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Effect of organic acids on intestinal cell permeability damage caused by infection with enterotoxigenic E. coli (ETEC)

Different organic acids and their salts, such as formic acid, Ca-formate and Na-butyrate, were screened and tested for their ability to protect intestinal cells from ETEC infection. The TEER of Caco-2 cells was unaffected by addition of 1-5mM Ca-formate, whereas it increased with 10-30mM of this organic acid. On the other hand, higher concentration of Ca-Formate (50mM) induced a TEER decrease. When Caco-2 cells were infected with enterotoxigenic Escherichia coli (ETEC) strain K88, the addtion of Ca-Formate was not able to protect the cells against TEER decrease induced by the pathogen.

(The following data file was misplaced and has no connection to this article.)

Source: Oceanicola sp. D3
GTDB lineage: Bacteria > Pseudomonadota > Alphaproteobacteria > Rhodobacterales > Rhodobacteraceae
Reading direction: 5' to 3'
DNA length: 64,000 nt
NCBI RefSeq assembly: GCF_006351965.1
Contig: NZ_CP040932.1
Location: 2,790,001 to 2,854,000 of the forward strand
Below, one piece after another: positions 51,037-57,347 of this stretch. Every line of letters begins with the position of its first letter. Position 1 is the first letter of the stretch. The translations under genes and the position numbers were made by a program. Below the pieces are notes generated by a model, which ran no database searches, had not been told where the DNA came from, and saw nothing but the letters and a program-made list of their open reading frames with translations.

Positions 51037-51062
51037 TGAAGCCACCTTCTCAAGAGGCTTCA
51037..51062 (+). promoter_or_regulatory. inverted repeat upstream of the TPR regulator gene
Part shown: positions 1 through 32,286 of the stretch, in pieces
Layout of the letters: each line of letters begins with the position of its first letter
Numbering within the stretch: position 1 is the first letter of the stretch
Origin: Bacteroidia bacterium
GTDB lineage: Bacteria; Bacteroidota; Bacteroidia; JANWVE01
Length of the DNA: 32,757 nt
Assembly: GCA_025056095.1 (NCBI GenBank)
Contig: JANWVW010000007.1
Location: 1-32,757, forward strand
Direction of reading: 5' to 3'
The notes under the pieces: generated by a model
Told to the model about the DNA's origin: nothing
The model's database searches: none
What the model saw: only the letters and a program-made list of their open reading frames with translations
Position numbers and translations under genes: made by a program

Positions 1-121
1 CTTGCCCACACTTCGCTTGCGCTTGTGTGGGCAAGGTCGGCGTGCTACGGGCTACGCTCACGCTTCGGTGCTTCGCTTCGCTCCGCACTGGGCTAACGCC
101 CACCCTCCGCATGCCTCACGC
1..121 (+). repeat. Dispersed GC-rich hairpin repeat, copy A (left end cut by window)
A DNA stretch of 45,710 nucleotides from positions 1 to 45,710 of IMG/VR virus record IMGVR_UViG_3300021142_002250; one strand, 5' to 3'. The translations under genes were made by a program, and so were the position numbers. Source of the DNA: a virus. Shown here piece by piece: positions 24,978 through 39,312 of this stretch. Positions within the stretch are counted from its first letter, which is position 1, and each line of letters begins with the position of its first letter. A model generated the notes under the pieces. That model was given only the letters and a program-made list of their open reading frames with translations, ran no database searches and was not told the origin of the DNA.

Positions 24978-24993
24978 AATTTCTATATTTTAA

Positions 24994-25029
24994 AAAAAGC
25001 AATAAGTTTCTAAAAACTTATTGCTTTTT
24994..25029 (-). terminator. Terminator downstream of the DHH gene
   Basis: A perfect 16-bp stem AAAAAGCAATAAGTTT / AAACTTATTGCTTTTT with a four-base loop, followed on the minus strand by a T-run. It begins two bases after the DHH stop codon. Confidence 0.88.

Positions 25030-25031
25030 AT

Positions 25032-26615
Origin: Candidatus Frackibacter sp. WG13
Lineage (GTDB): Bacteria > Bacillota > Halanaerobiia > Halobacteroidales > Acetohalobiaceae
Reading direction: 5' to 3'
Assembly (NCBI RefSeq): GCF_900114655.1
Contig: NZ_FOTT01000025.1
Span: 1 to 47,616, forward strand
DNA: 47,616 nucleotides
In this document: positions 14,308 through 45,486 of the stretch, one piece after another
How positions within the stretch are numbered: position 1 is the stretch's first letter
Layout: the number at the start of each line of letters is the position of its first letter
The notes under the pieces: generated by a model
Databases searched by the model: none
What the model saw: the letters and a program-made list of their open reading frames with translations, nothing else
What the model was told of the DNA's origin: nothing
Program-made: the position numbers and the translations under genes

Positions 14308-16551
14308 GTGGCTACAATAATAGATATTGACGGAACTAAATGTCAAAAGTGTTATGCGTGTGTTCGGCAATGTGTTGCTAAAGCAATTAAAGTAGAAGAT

Formic acid (up to 30mM) did not affect the TEER of Caco-2 cells and was able to protect cells against ETEC-induced membrane permeability increase.

Na-butyrate (up to 15mM) did not affect membrane permeability of Caco-2 cells and did not induce a TEER increase in Caco-2 cells during differentiation. On the contrary, treatment of IPEC-1 cells with Na-butyrate (2mM) during differentiation induced a significant TEER increase and an establishment of tight junction structure, indicating that this organic acid promotes differentiation of this cell line. When Caco-2 and IPEC-1 cells were infected ETEC Na-butyrate treatment was not able to protect the cells against ETEC-induced membrane damage.

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